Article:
Construction in the U.S. and Europe is showing signs of recovery, while China and other emerging markets are slowing down. Offering a snapshot of the resulting shift in equipment demand is Bauma, the triennial construction megaexpo said to be the world’s largest trade show, where more than 500,000 construction professionals, suppliers and vendors will descend on Munich on April 11-17. Messe München, the organizer of the show, expects almost 3,400 exhibitors from more than 50 countries. The show will encompass over 6.5 million sq ft of the Messe München exhibition center.
Less Focus on the BRICs
With financial turmoil in China and low oil prices dragging down the Russian economy, the new markets for construction equipment that looked secure only a few years ago are now a bit less attractive.
The push to get into the emerging markets of Brazil, Russia, India and China (BRIC) that was seen at Bauma 2013 has diminished. This also applies to BRIC manufacturers that grew during the recent boom times. China-based equipment makers at Bauma are eager to prove the worth of their machinery, as demand from China state-owned construction firms may be leveling off.
Guangxi LiuGong Construction Machinery Co. Ltd. is pushing new machines, looking to capitalize on equipment previously not sold outside of China.
“It’s hard to grow market share in China,” says David Beatenbough, vice president of Guangxi, China-based LiuGong. “So, we realized a long time before the China market slowed down that our growth in the future has to be growth outside of China,” he says.
LiuGong is known for its wheel loaders but has expanded into excavators in recent years. At Bauma, it will be showing seven excavators in classes ranging from 3.5 tons to 50 tons. The smallest, the 9035E, will be a zero-tail-swing model, a popular feature in Europe and the U.S. and a first for the China-based manufacturer. Four of LiuGong’s excavators will have Tier 4 Final diesel engines, and all will be available with Tier 4 Final by the end of 2016.
Machines with fewer emissions controls will continue to be sold globally, but Beatenbough says LiuGong is focused on getting into North America and expanding in Europe.“With the Chinese market slowing down—now in its third year of dramatic slowdown—the importance of our decision [to expand into developed markets] is even stronger,” he notes.
High Tech Goes Standard
With construction starts on the rise in the U.S. and indications that Europe also is recovering, equipment makers are offering features as standard that were formerly premium. Bauma will showcase compact designs for crowded jobsites and machine controls for greater automation—sought-after features for developed markets. Wirtgen will have a compact milling machine that needs only one operator, while JCB is showing off a small-profile backhoe for urban jobsites. Machine controls for earthmoving are becoming less of a premium feature, as well. While Topcon Positioning Systems will update and make globally available its 2D and 3D control offerings, Komatsu plans to introduce a new intelligent dozer.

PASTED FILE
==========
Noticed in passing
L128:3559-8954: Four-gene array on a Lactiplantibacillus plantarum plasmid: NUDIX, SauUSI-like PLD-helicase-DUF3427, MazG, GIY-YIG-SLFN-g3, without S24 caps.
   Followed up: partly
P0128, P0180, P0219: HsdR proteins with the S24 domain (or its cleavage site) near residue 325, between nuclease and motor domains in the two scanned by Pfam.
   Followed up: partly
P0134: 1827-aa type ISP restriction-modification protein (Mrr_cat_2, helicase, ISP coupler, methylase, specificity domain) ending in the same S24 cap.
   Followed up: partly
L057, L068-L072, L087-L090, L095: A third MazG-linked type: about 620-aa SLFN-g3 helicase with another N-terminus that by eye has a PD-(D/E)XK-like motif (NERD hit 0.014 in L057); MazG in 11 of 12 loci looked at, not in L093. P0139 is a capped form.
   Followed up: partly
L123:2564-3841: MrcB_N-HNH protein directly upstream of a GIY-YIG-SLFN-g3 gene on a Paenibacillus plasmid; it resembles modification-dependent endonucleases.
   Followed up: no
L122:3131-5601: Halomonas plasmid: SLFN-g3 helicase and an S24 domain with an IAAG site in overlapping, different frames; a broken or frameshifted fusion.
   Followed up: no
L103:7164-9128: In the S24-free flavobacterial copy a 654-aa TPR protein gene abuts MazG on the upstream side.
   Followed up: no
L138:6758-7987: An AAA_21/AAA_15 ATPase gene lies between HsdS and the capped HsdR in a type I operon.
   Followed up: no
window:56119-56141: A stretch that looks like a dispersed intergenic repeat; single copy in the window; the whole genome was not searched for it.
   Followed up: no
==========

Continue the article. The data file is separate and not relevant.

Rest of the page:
Commodity Prices Drag Down Mining
Some of the most highly visible equipment at each Bauma expo is the massive mining trucks and other equipment associated with the extraction industries. But with commodity prices down, the enthusiasm for new mining equipment may be more subdued than at the last show. “The big machines look good at Bauma,” observes Gerold Dobler, Liebherr’s spokesman. The company plans to debut its R9200 mining excavator at Bauma. Working in the 200-tonne range, the R9200 will be the largest piece of equipment at the entire show. “We are committed to the mining field, and while commodity prices are what they are, we will be there when the market recovers,” he adds.
Perhaps anticipating lessened interest from mining-focused firms, show manager Messe München will try to highlight mining-related offerings. “In 2016, we have a focus on mining because we think that mining is getting more and more important for the construction machinery industry as a whole,” says Stefan Rummel, the show agency’s managing director.
Tunneling-equipment giant Herrenknecht AG will have a separate booth to show off its less-well-known mining equipment. “Mining is quite new for us,” says Julia Reichwein, Herrenknecht’s spokeswoman. The firm, best known for its massive tunnel-boring machines, will be displaying a boxhole drill rig for mining. “We have more projects in mining now, and this is our first chance to feature these machines separately,” she says.